Honey Days brings Mardi Gras theme to Bruce

Bruce Honey Days Facebook photo

BROOKINGS – Home to Adee Honey Farms, Bruce bills itself as “A Honey of A Place To Bee.”

And as it does every year (scratch 2020 due to the coronavirus) the last weekend of July, Bruce and its bees really come together – this year marks the town’s 30th Honey Days.

“Parading Crazy For 30 Years!” is this year’s theme. 

“It’s a Mardi Gras theme,” explained Pennie Lutz, a member of the Bruce Community Club, a volunteer group that plans and executes the annual gala.

“It started as a fundraiser to build the basketball court in town,” Lutz explained in a look-back to the genesis of Honey Days. “It’s just kind of grown from there. That was 1991, and it’s just kind of taken off – for good.”

This year’s festivities kick off at 7 p.m. tonight with what Lutz sees as a key event, the “Queen Bee Contest. We brought that back from 2008, when we did it for the 125th (anniversary of Bruce’s founding).

“We have seven gentlemen who are going to be vying for (the title of) Queen Bee.” MCs for the contest are Brad DeBeer and Kari Westlund.

The gent selected will be marshal for Saturday’s parade. Add to that bragging rights, plus a “small prize, of course.”

A plus following the contest are “KingCake” cupcakes: “We’re hiding bees in some particular cupcakes, and whoever finds the bee in their cupcake that night (wins a prize),” Lutz explained. (She likened the cupcakes to a Mardi Gras Kingcake, with a small baby as a trinket in one piece of the cake.) The one who finds the baby in their piece of cake wins prizes.

The pace picks up on Friday, with a trifecta of events. At noon, the K-Country Cookout takes place in Museum Park. Come 2 p.m., a new event gets started at Kids Park: a 3-on-3 basketball tourney, with brackets for fifth and sixth grades; seventh and eighth grades; ninth and 10th grades; and 11th and 12th grades. “That’s a new thing, trying to find something new for kids,” Lutz explained.

At 6 p.m., the day’s final event, the bean-bag tournament gets underway at the ball diamond, with registration on-site. Bags fly at 7 p.m. Bring your own partner. About 90 teams participated in 2019.

Exit July, enter August

For just about every South Dakota small-town annual festival-type celebration, Saturday is the bring-it-all-together day. So it is with Honey Days.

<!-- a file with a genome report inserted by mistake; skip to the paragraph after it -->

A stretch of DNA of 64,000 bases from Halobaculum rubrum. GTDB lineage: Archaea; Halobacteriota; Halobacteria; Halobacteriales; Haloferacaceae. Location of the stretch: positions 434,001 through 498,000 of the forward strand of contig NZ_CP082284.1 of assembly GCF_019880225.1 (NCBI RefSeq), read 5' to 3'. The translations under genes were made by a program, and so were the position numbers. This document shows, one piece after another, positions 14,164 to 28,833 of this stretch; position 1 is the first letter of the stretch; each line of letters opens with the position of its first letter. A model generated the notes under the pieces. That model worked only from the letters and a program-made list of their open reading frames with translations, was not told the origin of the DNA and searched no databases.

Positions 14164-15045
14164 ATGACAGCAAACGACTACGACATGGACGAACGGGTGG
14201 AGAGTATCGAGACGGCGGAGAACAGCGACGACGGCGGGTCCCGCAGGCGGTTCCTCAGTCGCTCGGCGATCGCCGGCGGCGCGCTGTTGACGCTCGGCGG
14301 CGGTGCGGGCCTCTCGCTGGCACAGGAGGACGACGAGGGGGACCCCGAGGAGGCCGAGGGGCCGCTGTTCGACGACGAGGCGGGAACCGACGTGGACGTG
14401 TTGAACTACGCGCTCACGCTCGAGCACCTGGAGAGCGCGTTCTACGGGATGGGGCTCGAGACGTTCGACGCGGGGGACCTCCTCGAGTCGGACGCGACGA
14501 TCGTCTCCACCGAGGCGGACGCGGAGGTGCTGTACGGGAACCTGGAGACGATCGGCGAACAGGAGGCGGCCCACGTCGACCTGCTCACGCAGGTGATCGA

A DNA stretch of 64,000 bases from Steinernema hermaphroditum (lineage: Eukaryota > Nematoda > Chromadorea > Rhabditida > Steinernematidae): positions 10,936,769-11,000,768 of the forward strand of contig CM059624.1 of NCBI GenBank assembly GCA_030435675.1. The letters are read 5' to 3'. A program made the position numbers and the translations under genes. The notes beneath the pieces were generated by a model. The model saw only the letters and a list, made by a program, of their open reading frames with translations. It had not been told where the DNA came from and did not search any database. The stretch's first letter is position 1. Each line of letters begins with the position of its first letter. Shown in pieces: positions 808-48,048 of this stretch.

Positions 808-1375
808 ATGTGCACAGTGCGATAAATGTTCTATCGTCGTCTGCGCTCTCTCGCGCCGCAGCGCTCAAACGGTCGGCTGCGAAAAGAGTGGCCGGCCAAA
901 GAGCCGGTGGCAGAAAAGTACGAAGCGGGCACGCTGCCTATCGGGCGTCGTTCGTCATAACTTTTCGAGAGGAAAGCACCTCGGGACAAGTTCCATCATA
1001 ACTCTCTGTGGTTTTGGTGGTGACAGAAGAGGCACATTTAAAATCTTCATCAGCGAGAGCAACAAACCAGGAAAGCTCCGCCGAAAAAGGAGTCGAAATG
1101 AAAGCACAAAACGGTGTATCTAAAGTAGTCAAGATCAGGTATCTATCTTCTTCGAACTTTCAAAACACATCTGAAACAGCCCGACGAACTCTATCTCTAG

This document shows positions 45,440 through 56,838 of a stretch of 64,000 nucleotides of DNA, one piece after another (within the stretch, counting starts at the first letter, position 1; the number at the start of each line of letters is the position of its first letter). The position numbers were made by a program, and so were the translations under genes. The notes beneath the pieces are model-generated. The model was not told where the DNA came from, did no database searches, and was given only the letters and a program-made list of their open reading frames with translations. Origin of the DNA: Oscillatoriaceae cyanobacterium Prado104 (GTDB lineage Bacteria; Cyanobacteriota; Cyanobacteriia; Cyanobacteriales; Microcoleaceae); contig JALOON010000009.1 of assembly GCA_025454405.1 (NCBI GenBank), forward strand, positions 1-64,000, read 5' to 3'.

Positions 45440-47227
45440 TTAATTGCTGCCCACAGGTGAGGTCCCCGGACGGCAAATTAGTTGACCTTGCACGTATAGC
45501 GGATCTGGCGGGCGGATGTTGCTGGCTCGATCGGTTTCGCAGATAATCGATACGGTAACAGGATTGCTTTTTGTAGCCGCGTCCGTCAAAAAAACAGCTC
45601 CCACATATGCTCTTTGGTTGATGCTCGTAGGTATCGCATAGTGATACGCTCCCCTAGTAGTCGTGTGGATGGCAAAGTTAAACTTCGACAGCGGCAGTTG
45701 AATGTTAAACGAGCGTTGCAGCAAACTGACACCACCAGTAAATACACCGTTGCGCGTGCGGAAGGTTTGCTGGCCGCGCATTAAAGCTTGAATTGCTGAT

Events get going early Saturday, go pretty much all day, and roll over into Sunday morning.

At 6:45 a.m. Saturday competitors register at the Bruce Community Center for the 5K run – or walk – or pedal, with a start at 7:30 a.m. And as they’re off, other events get going and keep going, with Saturday likely to be the biggest day of the weekend. People come and go, but, “We have a couple thousand people in town for this,” Lutz said, as a general overview of Honey Days.

The parade gets rolling at 10 a.m. – Mardi Gras! “We don’t hide crazy, we parade it down the street!”

Following the parade comes the car show on main street. At noon it’s time for co-ed volleyball, a tournament that Lutz billed as “usually pretty large,” as many as 40 teams in past years.

A burger feed around lunchtime and a pork barbecue feed about suppertime offer hungry folks a chance to chow down and hear some music while they do: Plum Crazy with their burgers, Lizzie Hofer with their barbecue. Both feeds will also offer some dessert fare: ice cream with honey fudge.

To round out and end a day of celebration, there’s the street dance on Jay Street from 9 p.m. to 1 a.m. Saturday. The band is “Undercover.” One correction Lutz pointed out is that the dance is open to the public and attendees do not have to be 21. (Some earlier flyers touting Honey Days read: “Must be 21; I.D. required.”)

Sunday starts a new month, and the pace to wrap-up slows. There’s an American Legion pancake breakfast from 8 to 11 a.m., followed by a community church service in Museum Park. And volleyball continues.

The afternoon has some good stuff for the kids: a bike rodeo at 1 p.m. followed by a bike parade, both at the ball diamond. Kids entertainer Phil Baker will stop by the ball diamond at 3 p.m.

The grand finale follows Town and Country Softball at 6:30 p.m. It’s the drawing for the Honey Days quilt. Marilyn Eighmy, former Bruce resident, continues to make the quilts; she uses current and past Honey Days T-shirts. Tickets are $1 each or six for $5.

Contact John Kubal at [email protected]



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